The Age of Miracles has still not passed:
But the narrative of Stephen Harper as Big Brother, so beloved of certain commentators, is becoming increasingly anachronous.
Simply put, I think MPs on the government side of the House who have been around since 2004, 2006 or 2008 are thinking about their legacy and resolving that always voting at their party’s call, and never thinking for themselves at all, is not how they want to be remembered.
Or perhaps it is an understanding that no matter how hard they try, these backbenchers will never be rulers of the Queen's Navy. Ambition having dried up the trained seals now reflect. The years roll back and they remember, however dimly, why they got into politics. Think hard now. What was it again? Yes. That was it! I ran for the Conservative Party of Canada because I am, ahem, a conservative!
The Harper government is beginning to suffer from that rarests of all ailments in federal Conservative governments: Old Age. In the glory days of the Liberal Party it was a constant problem trying to renew the brand and keep the backbenchers from getting too antsy. It was certainly more of a problem than outwitting the Tories who, per their script, kept shooting at each other rather than at the Grits.
Time has passed and the new Harperized Conservative Party is the old Harperized Conservative Party. For six years the whip and the PMO could dangle the prospect of a cabinet seat or parliamentary secretary position in front of grumpy backbenchers. That simple trick, the political equivalent of dangling keys in front of a baby, ain't working any more. The majority of the caucus seems to have had their illusions stripped away. They reach political middle age and realize that they no longer have to give a damn.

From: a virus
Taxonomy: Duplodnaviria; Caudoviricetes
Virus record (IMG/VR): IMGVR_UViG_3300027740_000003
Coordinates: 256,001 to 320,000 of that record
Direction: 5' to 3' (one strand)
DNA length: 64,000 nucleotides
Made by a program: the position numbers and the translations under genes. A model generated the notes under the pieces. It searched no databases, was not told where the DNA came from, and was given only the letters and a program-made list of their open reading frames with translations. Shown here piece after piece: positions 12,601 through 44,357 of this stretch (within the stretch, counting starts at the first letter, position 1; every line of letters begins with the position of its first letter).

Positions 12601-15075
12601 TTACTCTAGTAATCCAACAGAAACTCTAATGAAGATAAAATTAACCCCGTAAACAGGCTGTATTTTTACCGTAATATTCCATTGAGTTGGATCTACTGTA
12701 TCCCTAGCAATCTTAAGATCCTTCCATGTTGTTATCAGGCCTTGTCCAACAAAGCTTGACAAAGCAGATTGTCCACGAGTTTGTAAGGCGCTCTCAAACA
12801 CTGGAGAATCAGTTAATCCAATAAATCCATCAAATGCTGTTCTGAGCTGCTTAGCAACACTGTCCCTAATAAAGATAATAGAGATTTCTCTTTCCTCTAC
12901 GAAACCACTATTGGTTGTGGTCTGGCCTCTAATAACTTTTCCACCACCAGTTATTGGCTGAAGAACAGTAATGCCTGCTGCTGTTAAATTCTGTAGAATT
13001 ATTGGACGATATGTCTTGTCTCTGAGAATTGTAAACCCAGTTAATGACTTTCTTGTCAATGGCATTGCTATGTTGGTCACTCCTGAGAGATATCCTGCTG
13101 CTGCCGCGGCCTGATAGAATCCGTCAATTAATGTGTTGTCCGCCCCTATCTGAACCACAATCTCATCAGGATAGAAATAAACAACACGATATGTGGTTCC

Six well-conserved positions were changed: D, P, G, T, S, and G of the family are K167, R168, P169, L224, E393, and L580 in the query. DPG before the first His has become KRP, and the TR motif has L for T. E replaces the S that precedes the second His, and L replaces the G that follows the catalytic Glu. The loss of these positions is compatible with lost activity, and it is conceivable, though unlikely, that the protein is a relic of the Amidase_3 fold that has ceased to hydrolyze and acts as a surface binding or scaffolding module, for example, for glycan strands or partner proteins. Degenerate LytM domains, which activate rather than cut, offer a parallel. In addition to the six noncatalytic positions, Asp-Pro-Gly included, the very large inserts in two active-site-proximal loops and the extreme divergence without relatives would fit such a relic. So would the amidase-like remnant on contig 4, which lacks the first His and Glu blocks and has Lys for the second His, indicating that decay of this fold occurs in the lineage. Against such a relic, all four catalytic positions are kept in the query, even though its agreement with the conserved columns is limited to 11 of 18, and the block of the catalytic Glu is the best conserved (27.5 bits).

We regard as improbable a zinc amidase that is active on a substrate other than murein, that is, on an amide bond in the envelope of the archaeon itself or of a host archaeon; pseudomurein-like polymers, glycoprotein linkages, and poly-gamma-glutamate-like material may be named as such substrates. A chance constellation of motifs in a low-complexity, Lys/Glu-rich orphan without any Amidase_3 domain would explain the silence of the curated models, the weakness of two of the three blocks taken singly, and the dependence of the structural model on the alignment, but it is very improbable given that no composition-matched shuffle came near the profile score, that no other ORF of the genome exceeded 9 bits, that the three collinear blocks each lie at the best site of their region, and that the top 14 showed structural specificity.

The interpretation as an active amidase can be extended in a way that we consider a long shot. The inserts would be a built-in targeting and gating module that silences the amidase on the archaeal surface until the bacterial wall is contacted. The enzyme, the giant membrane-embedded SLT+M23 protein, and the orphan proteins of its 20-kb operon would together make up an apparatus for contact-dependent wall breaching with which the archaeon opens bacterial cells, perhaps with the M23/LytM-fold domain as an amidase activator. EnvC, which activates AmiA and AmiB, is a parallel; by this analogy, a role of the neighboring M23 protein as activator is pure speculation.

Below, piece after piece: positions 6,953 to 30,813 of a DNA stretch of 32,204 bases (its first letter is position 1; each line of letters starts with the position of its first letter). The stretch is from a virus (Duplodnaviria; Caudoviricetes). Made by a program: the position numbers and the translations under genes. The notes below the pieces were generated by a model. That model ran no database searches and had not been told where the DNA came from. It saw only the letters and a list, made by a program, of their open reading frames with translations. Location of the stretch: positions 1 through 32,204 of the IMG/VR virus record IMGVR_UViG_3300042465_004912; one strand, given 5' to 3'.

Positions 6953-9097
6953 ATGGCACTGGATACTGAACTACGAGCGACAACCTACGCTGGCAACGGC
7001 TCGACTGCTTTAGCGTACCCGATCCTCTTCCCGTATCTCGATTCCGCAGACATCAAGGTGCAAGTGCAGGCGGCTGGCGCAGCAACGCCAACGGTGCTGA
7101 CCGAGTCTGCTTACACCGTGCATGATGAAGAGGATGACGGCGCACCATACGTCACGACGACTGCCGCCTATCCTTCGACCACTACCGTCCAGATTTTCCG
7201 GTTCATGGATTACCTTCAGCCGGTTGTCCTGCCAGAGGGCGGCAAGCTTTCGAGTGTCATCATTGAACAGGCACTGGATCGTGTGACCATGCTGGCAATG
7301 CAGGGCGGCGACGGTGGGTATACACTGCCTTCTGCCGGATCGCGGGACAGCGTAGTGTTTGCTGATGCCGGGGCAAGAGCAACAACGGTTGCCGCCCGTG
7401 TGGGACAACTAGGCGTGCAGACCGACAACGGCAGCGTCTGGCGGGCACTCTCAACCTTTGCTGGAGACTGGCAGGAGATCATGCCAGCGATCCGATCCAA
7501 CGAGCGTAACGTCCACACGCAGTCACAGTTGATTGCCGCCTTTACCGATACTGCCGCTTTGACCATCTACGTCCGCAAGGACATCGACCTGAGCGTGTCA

This is one of the most dangerous periods in a government's life cycle, the moment the backbenchers lose their fear of the whips. Typically this comes when a party is approaching electoral disaster. MPs announce their retirements. A flurry of patronage appointments is made. Everyone is planning for the next stage. This is also the moment when old scores get settled. Backbenchers start making "gaffes" that are quite intentional. Embarrassing the party leader is a kind of going away present.
The Conservatives have the opposite problem, again something rare for the federal party: Arrogance. The caucus is taking a good long look at the Opposition benches and they are not afraid. The adding of new seats, mostly in the blue shaded parts of the country, in time for 2015 means that whatever happens in Quebec the Tories have a better than even chance of winning. Thomas Mulcair is the most formidable leader the party has faced since Papa Jean was shoved out by Paulie. Still it does not seem likely that the NDP will make too many inroads through the sprawlands of the 905.
The party today holds the strongest position since probably John A's time. The opposition divided and mostly inexperienced, the demographic winds blowing their way (older voters tend to lean Right) and a perennial global economic crisis that plays to the party and the leader's brand strength. In short the Tories are very comfortable. People who are comfortable begin to speak their minds openly and frankly. This is a new challenge that Stephen Harper has not faced since the earliest days of the Reform Party.
And they say Canadian politics is boring.